Spirit of ’76 (sentiment)
Historian Mellen Chamberlain wrote that the spirit of ’76 was embodied by Levi Preston, a veteran of the American Revolutionary War. Chamberlain asked Preston, then 91 years old, “Why did you go to the Concord Fight, the 19th of April, 1775? My histories tell me that you men took up arms against ‘intolerable oppressions.'” Preston responded:
Oppressions? I didn’t feel them. I never saw one of those stamps, and always understood that Governor Bernard put them all in Castle William. I am certain I never paid a penny for one of them. Tea tax! I never drank a drop of the stuff; the boys threw it all overboard. We read only the Bible, the Catechism, Watt’s Psalms and Hymns, and the Almanack. Young man, what we meant in going for those redcoats was this: we always had governed ourselves, and we always meant to. They didn’t mean we should.
Letter from Thomas Jefferson to William Smith
(commenting on Shay’s Rebellion)
Paris, November 13, 1787
What country before ever existed a century & a half without a rebellion? & what country can preserve it’s liberties if their rulers are not warned from time to time that their people preserve the spirit of resistance? Let them take arms. The remedy is to set them right as to facts, pardon & pacify them. What signify a few lives lost in a century or two? The tree of liberty must be refreshed from time to time with the blood of patriots & tyrants. It is it’s natural manure.
Fries’s Rebellion: The Enduring Struggle for the American Revolution
by Paul Douglas Newman
While one recent historian located Shays’s Rebellion as “The American Revolution’s Final Battle” and another described the Whiskey Rebellion as the “Frontier Epilogue to the American Revolution,” the Fries Rebels would have disagreed with both implications. Rather than a story consigned to paper and concluded, the Revolution to them was a perpetual narrative for successive generations to retell, an experience to be relived, and an enduring struggle to be reengaged. Their rebellion testified to the democratizing forces in politics and society unleashed by the American Revolution. To them, the Revolution was more than a War for Independence, the founding of a national republic, or the parchment documents that defined each. It was a political, economic, and social process of expanding popular sovereignty. The Revolution was a spirit to be constantly revived and a set of political principles to be frequently redefined— always in a democratic direction— to provide more local and personal control of daily life as well as increased power over broader collective policies. The Fries Rebels believed they were upholding the Revolution’s promise and founding ideals, even when they engaged in their own discriminatory, majoritarian behavior against some of their neighbors. Perhaps other Americans equally estimated that the people could directly expand their own role in local, state, and federal government, making it more democratic and less republican in the fluid days of the post-Revolutionary political settlement when parties were only beginning to form and authority seemed so weak. Even if this was not the case, the Fries Rebels appear to have thought that way, and if we listen closely enough, we can hear them tell us so.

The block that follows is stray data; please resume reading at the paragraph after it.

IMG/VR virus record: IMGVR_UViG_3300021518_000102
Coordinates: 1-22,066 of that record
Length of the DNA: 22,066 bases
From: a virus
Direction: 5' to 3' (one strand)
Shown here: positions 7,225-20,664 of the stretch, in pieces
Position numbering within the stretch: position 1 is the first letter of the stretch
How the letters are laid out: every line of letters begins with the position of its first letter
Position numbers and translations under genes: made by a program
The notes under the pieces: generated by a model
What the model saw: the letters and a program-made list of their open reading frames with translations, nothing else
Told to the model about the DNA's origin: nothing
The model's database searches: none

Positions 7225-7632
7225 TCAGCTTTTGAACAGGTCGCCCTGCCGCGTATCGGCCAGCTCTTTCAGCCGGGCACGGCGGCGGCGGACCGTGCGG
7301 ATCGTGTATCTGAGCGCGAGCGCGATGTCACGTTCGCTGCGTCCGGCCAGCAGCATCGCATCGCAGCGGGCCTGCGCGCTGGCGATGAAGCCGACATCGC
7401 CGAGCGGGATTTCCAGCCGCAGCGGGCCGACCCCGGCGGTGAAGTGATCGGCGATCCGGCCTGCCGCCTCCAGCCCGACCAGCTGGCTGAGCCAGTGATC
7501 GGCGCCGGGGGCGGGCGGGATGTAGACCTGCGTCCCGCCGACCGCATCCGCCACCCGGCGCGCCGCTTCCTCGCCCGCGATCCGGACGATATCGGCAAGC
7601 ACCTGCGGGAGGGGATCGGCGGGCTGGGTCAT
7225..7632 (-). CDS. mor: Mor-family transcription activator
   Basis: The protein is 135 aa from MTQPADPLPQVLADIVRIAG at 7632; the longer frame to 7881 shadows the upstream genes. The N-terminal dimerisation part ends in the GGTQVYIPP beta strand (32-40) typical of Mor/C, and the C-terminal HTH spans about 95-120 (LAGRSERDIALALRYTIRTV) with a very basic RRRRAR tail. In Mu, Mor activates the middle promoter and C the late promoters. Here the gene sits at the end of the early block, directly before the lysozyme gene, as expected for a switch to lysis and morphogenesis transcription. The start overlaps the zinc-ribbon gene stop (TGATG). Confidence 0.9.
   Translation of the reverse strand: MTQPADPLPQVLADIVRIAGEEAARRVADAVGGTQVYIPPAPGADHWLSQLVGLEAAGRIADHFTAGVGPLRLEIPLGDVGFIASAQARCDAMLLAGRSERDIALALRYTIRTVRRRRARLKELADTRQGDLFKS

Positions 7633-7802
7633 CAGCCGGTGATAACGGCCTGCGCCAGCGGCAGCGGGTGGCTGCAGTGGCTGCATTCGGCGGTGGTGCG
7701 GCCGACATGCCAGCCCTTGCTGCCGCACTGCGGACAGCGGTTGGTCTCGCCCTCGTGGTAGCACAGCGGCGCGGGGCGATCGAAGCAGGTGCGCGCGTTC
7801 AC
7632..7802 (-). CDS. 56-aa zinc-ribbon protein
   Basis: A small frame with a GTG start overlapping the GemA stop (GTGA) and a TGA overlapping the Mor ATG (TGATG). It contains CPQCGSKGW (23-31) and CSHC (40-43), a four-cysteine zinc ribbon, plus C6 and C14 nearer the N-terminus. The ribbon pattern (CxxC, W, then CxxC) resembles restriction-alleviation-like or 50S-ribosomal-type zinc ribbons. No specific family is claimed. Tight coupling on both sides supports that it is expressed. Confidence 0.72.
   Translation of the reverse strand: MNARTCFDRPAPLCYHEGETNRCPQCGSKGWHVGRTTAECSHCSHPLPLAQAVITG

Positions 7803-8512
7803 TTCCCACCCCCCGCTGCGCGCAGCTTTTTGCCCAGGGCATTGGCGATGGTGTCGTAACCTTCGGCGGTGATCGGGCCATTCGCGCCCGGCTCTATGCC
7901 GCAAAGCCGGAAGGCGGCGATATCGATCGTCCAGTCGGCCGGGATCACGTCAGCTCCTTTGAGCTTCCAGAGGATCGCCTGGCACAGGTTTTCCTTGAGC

Benjamin Rush in 1787
“Address to the People of the United States”
There is nothing more common than to confound the terms of the American revolution with those of the late American war. The American war is over: but this is far from being the case with the American revolution. On the contrary, nothing but the first act of the great drama is closed. It remains yet to establish and perfect our new forms of government; and to prepare the principles, morals, and manners of our citizens, for these forms of government, after they are established and brought to perfection. […]
PATRIOTS of 1774, 1775, 1778—HEROES of 1778, 1779, 1780! come forward! your country demands your services!—Philosophers and friends to mankind, com forward! your country demands your studies and speculations! Lovers of peace and order, who declined taking part in the late war, come forward! your country forgives your timidity, and demands your influence and advice! Hear her proclaiming, in sighs and groans, in her governments, in her finances, in her trade, in her manufactures, in her morals, and in her manners, “THE REVOLUTION IS NOT OVER!”